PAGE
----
I took great pleasure in saying, “Probably the impound lot by now. I really hope you hit the jackpot.”

The Jury’s No Longer Out On Whether They Need An Update

, , , | Legal | March 30, 2019

(I’ve moved from one end of the country to another. Occasionally, my dad still gets a piece of mail with my name on it. Usually, it’s just junk mail, but if it looks official, he’ll open it for me to make sure it’s nothing super important. One day, it’s a jury summons, and we’re both stumped because I haven’t lived in the state, much less his house, in five years. I call his county clerk’s office.)

Me: “Hi. Um, I’m not entirely sure what to do in this situation. My dad got a jury summons for me the other day but–“

Clerk: “Then you need to report on the day indicated.”

Me: “Yes, but I can’t because-“

Clerk: “If you don’t show, you’ll have a bench warrant out for you.”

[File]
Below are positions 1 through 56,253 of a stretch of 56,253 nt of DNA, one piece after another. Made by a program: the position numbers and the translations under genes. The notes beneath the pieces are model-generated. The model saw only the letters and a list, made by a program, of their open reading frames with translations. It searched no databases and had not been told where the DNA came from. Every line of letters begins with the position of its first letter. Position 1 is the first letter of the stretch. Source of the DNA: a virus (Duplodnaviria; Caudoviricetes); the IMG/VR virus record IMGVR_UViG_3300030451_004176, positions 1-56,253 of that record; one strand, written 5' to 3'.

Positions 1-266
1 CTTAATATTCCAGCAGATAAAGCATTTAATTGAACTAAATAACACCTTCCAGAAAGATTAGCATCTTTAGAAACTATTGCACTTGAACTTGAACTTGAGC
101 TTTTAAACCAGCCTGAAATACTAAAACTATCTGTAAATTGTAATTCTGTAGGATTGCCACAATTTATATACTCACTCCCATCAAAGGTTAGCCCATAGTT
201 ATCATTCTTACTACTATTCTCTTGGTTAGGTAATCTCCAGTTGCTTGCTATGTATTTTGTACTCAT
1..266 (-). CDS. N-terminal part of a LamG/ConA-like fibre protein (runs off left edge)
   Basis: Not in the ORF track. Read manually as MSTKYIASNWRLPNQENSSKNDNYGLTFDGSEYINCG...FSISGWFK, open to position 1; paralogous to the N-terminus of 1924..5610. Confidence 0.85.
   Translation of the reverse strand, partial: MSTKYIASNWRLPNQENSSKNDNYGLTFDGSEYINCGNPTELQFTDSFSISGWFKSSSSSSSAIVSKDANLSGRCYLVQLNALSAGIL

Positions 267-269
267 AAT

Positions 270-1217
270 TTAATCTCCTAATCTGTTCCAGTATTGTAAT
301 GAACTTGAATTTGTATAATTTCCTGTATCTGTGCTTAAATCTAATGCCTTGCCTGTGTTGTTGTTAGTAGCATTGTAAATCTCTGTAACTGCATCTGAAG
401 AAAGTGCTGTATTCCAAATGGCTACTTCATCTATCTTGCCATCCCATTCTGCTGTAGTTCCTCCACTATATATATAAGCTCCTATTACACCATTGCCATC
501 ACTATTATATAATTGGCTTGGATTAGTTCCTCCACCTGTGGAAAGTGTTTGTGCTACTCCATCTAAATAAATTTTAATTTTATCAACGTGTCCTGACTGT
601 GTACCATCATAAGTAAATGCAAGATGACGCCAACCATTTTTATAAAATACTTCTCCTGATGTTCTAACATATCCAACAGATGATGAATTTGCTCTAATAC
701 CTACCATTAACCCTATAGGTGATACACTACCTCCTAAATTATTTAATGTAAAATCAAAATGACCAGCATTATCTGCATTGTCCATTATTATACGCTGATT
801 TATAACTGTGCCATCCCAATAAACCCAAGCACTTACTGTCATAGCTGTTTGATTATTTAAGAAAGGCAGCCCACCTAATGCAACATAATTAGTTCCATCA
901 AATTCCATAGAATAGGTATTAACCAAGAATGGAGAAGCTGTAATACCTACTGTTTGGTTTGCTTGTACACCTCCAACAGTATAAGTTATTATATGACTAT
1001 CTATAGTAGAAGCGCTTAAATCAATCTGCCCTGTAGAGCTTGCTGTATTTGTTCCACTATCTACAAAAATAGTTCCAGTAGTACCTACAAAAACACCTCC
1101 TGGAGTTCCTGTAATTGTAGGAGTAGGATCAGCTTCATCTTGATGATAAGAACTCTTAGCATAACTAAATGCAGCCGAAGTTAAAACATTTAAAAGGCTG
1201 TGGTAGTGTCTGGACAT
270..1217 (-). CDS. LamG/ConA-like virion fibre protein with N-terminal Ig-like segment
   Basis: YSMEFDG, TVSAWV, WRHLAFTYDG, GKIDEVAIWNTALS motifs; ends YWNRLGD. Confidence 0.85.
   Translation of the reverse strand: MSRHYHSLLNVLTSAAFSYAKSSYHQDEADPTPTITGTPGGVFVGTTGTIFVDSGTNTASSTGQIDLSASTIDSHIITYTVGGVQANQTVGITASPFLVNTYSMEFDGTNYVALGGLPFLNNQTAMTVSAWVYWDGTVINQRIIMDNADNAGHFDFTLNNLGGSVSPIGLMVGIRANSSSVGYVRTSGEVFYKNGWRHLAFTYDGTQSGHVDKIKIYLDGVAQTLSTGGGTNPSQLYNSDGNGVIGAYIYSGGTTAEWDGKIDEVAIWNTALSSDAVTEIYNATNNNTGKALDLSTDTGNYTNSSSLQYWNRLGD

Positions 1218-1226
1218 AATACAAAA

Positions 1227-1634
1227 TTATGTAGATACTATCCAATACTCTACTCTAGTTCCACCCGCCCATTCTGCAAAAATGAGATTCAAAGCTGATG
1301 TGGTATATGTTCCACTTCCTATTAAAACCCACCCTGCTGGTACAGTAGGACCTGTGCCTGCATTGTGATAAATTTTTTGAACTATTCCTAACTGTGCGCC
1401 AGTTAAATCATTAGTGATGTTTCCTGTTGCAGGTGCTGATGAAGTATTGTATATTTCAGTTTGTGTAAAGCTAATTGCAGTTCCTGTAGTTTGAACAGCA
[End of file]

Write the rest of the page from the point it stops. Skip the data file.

Me: “Yes, I know, but the thing is, I don’t live at that address anymore.”

Clerk: “Oh, then we need to update our records.”

Me: “I’ll say. I don’t even live in the same state as you and haven’t in several years. I’ve also gotten married, and the summons has my maiden name, not my legal name.”

Clerk: “Oh! Well, we get our records through the DMV.”

Me: “Right, well, I also haven’t had a license registered to that state in five years; I changed it when I moved, and then when I moved again, and then I updated it when I got married, so I’m not sure why your DMV gave you such outdated information. But anyway, I’m obviously not going to be able to go to this jury duty, so what should I do?”

Clerk: “Your dad is going to have to come in a sign a few things stating that you don’t live there anymore and it should be taken care of, but are you sure you can’t come in? I know jury duty can be a pain but–“

Me: “Er, I live thousands of miles away. That’s kind of why I’m calling.”

Clerk: *sigh* “If you say so. Just have your dad bring the summons in and fill out a form and we’ll take care of it.”

(I get a phone call a few days later.)

Caller: “Hello, is this Miss [Maiden Name]?

Me: “That was my maiden name, yes, but I’m Mrs. [Married Name] now.”